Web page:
Shropshire, and was listed in the Domesday Book in 1086 as held by Ralph de Mortimer.
Early Origins of the Hylay family
Shropshire at Highley, today a large village and civil parish on the west bank of the River Severn. The village dates back to the Domesday Book of 1086 when it was first listed as Hughlei CITATION[CLOSE]
Williams, Dr Ann. And G.H. Martin, Eds., Domesday Book A Complete Translation. London: Penguin, 1992. Print. (ISBN 0-141-00523-8) and literally meant "woodland clearing of a man called Hugga," from the Old English personal name + "leah." CITATION[CLOSE]
Mills, A.D., Dictionary of English Place-Names. Oxford: Oxford University Press, 1991. Print. (ISBN 0-19-869156-4) As far as the surname, the first record of the name was found in 1246 where it was listed simply as "Huggele."
Early History of the Hylay family
This web page shows only a small excerpt of our Hylay research.
Another 51 words (4 lines of text) covering the years 1327, 1377, 1573 and 1581 are included under the topic Early Hylay History in all our PDF Extended History products and printed products wherever possible.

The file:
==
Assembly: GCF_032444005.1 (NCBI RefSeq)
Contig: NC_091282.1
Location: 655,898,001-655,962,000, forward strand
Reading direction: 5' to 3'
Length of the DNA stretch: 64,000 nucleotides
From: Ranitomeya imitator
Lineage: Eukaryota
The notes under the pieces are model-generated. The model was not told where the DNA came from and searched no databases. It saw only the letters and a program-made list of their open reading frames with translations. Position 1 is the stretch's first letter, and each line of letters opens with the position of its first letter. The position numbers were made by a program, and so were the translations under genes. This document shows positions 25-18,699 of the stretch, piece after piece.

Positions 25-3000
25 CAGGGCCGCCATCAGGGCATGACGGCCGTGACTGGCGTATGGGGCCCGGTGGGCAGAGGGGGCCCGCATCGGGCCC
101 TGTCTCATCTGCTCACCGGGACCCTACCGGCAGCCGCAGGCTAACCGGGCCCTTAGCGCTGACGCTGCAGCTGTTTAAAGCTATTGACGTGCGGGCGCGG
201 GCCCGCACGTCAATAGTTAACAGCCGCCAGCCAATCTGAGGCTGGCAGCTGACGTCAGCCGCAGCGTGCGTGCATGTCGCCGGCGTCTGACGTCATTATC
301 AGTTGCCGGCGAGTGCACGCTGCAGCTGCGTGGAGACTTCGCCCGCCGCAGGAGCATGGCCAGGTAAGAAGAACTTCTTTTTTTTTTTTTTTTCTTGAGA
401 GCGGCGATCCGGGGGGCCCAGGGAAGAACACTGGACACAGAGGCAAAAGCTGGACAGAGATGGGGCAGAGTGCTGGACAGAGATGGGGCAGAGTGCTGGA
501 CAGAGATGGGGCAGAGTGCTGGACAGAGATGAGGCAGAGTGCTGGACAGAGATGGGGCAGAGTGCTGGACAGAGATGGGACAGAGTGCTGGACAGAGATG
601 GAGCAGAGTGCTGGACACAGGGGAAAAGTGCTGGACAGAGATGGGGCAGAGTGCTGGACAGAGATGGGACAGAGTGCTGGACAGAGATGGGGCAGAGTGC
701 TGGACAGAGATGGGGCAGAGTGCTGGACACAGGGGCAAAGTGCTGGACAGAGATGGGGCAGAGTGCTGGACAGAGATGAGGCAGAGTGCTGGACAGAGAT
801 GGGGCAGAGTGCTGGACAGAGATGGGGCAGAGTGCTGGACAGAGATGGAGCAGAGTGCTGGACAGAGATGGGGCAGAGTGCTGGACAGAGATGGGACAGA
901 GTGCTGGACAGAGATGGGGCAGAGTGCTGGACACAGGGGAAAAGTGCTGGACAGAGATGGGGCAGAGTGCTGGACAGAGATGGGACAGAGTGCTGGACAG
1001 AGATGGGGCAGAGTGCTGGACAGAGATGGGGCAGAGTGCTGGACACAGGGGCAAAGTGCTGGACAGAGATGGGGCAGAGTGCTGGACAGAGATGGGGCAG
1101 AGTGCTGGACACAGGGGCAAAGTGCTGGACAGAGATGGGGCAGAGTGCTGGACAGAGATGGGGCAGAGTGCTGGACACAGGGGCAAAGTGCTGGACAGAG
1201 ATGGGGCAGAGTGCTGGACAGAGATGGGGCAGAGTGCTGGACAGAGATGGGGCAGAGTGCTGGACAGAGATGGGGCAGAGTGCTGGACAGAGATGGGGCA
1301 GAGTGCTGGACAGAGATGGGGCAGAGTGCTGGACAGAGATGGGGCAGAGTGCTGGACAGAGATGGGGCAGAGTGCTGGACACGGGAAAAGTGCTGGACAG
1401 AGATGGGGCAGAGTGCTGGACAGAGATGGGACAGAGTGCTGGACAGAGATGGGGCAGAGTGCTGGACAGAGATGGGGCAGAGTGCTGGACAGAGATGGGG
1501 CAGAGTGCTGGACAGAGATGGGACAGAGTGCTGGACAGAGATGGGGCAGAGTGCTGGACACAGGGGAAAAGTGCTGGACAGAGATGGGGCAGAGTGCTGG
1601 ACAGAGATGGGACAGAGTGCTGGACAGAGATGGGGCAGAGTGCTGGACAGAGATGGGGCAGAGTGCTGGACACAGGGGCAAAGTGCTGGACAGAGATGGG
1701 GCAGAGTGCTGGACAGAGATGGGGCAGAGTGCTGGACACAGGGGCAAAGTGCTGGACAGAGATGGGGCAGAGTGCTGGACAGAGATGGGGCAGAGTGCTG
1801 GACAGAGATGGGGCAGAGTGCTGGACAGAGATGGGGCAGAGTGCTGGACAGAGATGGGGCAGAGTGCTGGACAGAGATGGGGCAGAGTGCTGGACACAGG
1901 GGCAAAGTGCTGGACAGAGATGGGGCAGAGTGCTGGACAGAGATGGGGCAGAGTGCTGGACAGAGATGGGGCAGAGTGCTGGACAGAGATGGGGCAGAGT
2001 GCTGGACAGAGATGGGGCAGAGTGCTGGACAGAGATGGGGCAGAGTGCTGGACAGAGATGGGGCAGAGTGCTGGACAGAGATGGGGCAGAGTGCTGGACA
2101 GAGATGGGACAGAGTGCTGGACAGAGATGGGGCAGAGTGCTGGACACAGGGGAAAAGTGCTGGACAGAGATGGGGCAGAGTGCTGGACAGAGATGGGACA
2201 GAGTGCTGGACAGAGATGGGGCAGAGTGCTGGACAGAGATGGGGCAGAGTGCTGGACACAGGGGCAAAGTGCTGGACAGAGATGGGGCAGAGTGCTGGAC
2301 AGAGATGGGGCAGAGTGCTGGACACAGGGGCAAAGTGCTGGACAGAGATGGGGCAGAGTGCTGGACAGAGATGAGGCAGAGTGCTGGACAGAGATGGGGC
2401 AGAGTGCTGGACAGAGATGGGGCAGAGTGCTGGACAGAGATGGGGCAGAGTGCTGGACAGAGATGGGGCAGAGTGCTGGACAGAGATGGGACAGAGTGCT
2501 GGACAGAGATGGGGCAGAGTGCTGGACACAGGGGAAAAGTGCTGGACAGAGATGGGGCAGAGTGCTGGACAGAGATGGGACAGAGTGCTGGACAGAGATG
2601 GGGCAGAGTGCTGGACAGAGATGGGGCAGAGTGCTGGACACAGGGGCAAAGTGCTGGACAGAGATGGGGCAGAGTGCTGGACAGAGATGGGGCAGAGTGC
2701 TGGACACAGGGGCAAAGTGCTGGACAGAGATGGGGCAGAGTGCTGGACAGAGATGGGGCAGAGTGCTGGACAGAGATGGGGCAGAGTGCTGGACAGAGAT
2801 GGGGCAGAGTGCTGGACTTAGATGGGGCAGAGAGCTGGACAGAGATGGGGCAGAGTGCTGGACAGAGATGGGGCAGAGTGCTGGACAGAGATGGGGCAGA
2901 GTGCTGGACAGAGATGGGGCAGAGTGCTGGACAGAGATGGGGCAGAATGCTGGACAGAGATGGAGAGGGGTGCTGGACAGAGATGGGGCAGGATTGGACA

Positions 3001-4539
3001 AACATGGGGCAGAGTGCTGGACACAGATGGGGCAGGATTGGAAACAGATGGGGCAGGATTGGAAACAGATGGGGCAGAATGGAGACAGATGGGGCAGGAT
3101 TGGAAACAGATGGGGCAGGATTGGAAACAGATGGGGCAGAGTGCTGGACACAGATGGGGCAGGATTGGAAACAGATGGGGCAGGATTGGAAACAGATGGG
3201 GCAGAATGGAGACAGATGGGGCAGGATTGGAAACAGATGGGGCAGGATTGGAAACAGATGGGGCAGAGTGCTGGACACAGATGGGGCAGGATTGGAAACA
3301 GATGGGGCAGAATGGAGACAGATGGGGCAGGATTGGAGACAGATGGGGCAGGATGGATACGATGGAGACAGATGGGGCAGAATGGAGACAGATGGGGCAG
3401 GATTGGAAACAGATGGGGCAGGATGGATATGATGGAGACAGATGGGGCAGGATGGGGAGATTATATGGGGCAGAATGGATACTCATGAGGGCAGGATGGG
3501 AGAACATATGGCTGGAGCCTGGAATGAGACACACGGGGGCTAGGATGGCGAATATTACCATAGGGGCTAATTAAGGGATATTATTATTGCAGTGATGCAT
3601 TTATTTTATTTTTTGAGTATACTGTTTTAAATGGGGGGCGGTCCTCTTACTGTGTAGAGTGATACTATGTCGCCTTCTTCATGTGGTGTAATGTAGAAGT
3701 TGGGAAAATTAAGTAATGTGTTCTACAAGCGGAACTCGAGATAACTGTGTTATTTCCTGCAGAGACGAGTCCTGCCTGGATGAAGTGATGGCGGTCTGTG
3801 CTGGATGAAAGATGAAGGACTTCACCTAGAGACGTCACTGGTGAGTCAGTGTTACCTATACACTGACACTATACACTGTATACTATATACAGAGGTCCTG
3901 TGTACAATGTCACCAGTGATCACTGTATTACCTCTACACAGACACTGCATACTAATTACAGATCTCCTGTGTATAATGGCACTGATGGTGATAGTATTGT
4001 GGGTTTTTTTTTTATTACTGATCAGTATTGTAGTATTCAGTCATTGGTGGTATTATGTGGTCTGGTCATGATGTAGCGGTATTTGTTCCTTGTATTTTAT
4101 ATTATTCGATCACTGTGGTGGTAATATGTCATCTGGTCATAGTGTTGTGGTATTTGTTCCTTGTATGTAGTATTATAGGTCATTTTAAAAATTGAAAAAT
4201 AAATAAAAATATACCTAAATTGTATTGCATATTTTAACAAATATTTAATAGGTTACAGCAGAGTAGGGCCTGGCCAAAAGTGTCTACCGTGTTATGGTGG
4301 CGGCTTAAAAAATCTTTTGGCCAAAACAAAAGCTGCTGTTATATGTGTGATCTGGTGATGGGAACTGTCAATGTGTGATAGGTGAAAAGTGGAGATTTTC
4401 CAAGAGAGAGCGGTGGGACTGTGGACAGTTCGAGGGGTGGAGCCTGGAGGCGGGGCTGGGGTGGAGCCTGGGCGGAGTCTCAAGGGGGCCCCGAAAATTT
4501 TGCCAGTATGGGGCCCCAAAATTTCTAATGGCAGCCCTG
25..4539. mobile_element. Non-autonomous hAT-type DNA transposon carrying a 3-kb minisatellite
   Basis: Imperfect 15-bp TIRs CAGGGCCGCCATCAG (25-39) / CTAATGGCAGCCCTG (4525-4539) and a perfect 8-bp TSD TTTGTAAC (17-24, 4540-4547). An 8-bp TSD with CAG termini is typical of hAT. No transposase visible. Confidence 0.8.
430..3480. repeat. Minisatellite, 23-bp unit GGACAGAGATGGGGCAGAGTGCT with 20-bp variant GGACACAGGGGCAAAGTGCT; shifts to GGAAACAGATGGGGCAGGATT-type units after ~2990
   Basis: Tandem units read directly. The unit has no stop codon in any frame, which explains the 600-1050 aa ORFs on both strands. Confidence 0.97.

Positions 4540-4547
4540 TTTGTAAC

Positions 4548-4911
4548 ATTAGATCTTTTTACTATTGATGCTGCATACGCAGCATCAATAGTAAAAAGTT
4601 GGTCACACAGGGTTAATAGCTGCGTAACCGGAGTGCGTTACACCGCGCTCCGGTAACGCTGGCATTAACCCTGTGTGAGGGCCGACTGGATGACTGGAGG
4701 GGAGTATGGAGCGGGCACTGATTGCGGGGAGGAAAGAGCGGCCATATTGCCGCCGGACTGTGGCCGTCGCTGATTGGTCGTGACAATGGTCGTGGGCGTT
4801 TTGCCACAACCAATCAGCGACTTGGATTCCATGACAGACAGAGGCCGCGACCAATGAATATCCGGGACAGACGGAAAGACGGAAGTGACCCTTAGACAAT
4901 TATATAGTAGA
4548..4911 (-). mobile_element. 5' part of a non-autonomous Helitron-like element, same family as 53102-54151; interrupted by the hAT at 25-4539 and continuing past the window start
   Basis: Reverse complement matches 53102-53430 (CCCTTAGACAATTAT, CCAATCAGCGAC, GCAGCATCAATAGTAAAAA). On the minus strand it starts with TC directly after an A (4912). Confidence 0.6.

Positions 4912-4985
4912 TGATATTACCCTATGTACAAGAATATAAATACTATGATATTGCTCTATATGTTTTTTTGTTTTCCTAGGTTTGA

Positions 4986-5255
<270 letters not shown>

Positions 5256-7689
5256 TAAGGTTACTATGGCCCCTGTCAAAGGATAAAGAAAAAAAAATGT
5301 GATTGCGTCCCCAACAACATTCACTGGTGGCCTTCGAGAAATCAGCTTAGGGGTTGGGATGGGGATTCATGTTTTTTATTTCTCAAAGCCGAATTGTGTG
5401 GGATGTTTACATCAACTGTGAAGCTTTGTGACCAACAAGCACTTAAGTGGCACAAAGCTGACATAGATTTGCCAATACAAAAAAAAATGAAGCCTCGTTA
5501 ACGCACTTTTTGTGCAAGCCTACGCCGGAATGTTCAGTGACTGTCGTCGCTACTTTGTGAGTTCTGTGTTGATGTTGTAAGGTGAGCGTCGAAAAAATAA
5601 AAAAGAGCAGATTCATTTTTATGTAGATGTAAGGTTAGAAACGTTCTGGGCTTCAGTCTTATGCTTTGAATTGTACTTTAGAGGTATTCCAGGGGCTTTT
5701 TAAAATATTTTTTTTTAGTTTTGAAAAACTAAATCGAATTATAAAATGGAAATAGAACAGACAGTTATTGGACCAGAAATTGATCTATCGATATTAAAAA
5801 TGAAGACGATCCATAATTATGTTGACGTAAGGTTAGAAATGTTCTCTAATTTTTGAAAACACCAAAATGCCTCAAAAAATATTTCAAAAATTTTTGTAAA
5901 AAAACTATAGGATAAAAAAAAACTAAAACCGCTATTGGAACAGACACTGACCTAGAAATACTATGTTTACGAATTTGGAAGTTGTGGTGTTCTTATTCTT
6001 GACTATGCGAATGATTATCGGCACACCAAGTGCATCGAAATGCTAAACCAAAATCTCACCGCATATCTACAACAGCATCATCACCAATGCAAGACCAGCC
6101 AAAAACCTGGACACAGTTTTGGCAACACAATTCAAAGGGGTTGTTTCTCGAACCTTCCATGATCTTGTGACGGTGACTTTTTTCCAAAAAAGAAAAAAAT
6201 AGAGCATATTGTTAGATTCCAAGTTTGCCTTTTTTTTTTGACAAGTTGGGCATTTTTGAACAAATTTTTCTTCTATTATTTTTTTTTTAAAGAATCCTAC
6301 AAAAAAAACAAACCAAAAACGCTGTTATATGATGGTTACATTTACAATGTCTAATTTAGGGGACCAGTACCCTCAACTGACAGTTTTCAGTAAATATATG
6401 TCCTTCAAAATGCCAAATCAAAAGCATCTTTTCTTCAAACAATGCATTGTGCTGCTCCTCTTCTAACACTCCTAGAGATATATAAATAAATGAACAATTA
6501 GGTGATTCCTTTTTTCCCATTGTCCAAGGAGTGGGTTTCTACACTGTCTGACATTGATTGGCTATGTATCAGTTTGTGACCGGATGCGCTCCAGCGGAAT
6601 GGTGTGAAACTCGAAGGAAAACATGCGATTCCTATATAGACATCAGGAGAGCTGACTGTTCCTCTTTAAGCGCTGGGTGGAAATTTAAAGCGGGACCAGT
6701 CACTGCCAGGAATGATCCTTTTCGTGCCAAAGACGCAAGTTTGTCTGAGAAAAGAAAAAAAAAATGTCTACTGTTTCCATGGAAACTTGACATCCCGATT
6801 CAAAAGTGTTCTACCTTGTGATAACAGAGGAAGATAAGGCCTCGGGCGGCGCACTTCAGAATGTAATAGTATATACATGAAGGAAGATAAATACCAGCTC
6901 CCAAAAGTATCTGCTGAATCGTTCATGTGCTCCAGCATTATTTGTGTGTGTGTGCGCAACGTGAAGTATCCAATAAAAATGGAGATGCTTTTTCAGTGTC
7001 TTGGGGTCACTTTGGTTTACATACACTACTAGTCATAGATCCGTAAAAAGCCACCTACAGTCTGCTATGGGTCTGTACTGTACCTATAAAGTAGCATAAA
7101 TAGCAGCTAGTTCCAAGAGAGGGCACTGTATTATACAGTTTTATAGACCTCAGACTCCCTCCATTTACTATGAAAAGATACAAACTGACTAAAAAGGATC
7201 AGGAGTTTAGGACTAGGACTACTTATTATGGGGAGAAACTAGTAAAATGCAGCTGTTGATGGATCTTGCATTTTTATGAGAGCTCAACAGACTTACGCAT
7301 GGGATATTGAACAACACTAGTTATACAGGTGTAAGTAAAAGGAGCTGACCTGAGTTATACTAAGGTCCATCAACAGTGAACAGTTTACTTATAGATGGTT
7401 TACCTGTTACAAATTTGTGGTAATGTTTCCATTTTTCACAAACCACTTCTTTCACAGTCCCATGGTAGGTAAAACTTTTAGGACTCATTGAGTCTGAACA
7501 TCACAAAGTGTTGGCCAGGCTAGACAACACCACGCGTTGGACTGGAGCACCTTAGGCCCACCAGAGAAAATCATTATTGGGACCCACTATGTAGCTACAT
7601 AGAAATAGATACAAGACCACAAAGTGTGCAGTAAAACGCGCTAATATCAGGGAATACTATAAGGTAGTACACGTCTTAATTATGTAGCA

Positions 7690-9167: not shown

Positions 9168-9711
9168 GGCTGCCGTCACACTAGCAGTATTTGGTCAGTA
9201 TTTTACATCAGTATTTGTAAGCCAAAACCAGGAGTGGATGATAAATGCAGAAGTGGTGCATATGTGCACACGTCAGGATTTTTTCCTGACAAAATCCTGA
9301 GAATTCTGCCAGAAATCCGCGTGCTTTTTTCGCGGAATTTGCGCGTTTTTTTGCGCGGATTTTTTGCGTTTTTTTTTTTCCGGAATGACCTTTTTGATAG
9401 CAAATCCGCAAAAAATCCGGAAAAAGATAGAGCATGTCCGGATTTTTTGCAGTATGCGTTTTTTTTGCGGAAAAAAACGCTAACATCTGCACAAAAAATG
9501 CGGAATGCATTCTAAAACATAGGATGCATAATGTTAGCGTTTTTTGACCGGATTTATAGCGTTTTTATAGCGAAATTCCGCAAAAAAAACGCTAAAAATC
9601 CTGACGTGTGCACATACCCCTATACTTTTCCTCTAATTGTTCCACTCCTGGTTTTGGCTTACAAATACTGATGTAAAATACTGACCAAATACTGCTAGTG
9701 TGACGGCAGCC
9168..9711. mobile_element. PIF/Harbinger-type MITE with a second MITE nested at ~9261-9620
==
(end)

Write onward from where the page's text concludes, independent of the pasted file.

Hylay Spelling Variations
Only recently has spelling become standardized in the English language. As the English language evolved in the Middle Ages, the spelling of names changed also. The name Hylay has undergone many spelling variations, including Highley, Highley, Higford, Hiley, Heighly, Hyley and others.
Early Notables of the Hylay family (pre 1700)
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Migration of the Hylay family to the New World and Oceana
To escape the unstable social climate in England of this time, many families boarded ships for the New World with the hope of finding land, opportunity, and greater religious and political freedom. Although the voyages were expensive, crowded, and difficult, those families that arrived often found greater opportunities and freedoms than they could have experienced at home. Many of those families went on to make significant contributions to the rapidly developing colonies in which they settled. Early North American records indicate many people bearing the name Hylay were among those contributors: John Hiley, who was sent to a plantation in Virginia in 1665; Jno. Highly, who settled in Virginia in 1673; Julian Hiley, who immigrated to Maryland in 1678.
The Hylay Motto
The motto was originally a war cry or slogan. Mottoes first began to be shown with arms in the 14th and 15th centuries, but were not in general use until the 17th century. Thus the oldest coats of arms generally do not include a motto. Mottoes seldom form part of the grant of arms: Under most heraldic authorities, a motto is an optional component of the coat of arms, and can be added to or changed at will; many families have chosen not to display a motto.
Motto: Dieu et mon Droit
Motto Translation: God and my Right.
Hylay Family Crest Products